The roof was used for storage. During harvest, fruits and grains would be laid out to dry. Rahab had flax, a plant used to spin into linen, drying on her roof when the two Jewish spies came to visit.

Often, the roof provided a quiet place for prayer. Peter went to the roof to pray when he received a vision from God to include the Gentiles in preaching the gospel. (Acts 10:9) It was also used as a place to worship idols. (Nehemiah 8:16-18; Jeremiah 19:13)

The Story about a Roof becoming a Door

In Mark 2:1-12 and Luke 5:17-39, we are told about a roof becoming a door. Jesus was in Capernaum teaching. The Jerusalem Rabbis were in town to question and debate with him. The house was packed out. But there were five guys who really wanted to get in to see Jesus. You see, they had a friend who was unable to walk. They had carried him all this way to have Jesus heal him.

No one in the crowd would let them through. No one would give up their space. But they were not deterred.

Perhaps you are picturing what you know about Galilean houses. It would have been a white-washed mud and stone house with one door leading to a courtyard. Most likely Jesus could be heard from the street, but the windows were too high to see into. Jesus was inside an enclosed room, and no one would budge to let the friends inside. So, the guys found a way up to the roof. Maybe there was a stair, but I imagine if it was easy to reach the roof with a staircase from the outside, there would have been folks up on the roof already. Maybe they had to fetch a ladder and drag the paralyzed friend rung by rung up to the roof. Like thieves, they became roof breakers. They dug through the dried mud and reeds, knocking dust and debris down into the room where Jesus stood.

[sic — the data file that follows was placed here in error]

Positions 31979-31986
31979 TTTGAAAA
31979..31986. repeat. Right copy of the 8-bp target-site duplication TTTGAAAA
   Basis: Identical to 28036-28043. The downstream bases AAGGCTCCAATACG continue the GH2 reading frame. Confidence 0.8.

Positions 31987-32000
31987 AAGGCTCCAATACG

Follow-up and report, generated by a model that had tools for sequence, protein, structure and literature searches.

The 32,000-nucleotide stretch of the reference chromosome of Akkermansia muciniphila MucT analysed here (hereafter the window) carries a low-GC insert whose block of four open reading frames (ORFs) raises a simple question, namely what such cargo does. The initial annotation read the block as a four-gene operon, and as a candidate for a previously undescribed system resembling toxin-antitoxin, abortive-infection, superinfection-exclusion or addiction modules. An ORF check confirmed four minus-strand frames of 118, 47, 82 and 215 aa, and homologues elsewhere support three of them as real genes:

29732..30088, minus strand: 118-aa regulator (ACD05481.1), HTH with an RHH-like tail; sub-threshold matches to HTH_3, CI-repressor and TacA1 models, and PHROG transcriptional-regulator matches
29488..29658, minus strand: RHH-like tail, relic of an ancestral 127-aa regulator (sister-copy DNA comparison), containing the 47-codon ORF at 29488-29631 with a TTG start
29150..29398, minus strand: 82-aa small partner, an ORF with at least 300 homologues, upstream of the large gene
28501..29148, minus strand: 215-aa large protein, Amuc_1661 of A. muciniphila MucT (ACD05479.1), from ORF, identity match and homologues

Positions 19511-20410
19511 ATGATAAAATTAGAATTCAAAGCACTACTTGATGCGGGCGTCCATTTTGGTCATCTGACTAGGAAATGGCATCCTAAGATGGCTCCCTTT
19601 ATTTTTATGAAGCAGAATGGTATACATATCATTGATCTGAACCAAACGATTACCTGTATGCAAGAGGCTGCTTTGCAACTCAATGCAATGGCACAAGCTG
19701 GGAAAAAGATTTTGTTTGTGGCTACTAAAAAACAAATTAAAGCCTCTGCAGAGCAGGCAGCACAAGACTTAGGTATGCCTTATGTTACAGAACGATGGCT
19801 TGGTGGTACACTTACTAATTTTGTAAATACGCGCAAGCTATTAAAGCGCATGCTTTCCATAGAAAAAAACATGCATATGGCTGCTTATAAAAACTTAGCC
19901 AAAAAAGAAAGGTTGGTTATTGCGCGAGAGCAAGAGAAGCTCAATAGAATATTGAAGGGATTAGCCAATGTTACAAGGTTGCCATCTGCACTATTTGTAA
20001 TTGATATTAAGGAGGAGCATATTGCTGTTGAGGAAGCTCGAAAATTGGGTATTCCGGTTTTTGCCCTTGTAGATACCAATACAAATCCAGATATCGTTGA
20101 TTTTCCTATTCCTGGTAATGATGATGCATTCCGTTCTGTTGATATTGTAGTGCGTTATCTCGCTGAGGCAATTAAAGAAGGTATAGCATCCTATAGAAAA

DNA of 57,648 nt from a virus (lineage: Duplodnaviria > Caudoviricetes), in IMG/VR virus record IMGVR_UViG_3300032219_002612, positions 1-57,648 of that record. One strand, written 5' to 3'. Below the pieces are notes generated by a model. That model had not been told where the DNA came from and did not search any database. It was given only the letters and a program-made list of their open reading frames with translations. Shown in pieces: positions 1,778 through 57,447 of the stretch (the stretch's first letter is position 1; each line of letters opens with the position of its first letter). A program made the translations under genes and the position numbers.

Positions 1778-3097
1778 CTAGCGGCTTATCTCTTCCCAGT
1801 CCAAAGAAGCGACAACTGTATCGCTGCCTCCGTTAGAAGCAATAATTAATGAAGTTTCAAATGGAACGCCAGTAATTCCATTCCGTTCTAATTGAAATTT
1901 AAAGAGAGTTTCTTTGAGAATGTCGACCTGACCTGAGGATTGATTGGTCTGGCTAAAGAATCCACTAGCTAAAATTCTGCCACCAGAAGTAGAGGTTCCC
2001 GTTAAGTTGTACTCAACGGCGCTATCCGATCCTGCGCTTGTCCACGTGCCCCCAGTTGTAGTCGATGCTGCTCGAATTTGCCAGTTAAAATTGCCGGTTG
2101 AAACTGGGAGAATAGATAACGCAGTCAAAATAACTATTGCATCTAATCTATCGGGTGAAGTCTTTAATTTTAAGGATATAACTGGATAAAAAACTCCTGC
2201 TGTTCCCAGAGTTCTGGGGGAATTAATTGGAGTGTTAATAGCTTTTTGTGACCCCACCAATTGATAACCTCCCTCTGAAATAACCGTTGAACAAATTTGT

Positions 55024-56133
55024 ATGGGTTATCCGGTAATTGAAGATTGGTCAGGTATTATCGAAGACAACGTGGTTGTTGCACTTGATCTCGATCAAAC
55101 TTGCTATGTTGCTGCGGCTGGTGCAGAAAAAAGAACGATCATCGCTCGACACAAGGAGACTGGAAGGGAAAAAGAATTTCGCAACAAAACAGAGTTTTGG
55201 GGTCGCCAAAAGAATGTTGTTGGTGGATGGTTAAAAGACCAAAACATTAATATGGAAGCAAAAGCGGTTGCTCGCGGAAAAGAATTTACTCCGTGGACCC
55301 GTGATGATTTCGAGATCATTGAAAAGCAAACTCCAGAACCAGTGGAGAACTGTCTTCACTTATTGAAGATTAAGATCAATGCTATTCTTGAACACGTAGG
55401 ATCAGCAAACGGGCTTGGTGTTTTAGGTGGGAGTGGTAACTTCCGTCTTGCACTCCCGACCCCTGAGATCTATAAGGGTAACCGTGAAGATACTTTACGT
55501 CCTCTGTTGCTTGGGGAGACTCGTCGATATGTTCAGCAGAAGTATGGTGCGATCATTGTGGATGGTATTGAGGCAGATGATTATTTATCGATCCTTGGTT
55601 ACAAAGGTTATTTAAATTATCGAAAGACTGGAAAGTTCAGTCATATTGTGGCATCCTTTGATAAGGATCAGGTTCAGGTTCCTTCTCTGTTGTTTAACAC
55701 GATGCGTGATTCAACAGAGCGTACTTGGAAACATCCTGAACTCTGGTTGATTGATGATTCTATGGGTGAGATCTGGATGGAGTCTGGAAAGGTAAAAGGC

This image is the copyright of the LUMO project (Big Book Media) and distributed for free download, under license exclusively by FreeBibleimages for teaching purposes only. All rights reserved.

These roof breakers impressed Jesus. It took a lot of chutzpah to destroy someone’s roof and face the consequences of vandalism. Jesus is always impressed by acts of faith. The gospel writers always point out that Jesus sees even the tiniest glimmers of a person’s faith. You want to impress Jesus? Believe in him. Jesus saw their confidence in his ability to heal, and he spoke to the crippled man now lowered down before him. “Child, your sins are forgiven!”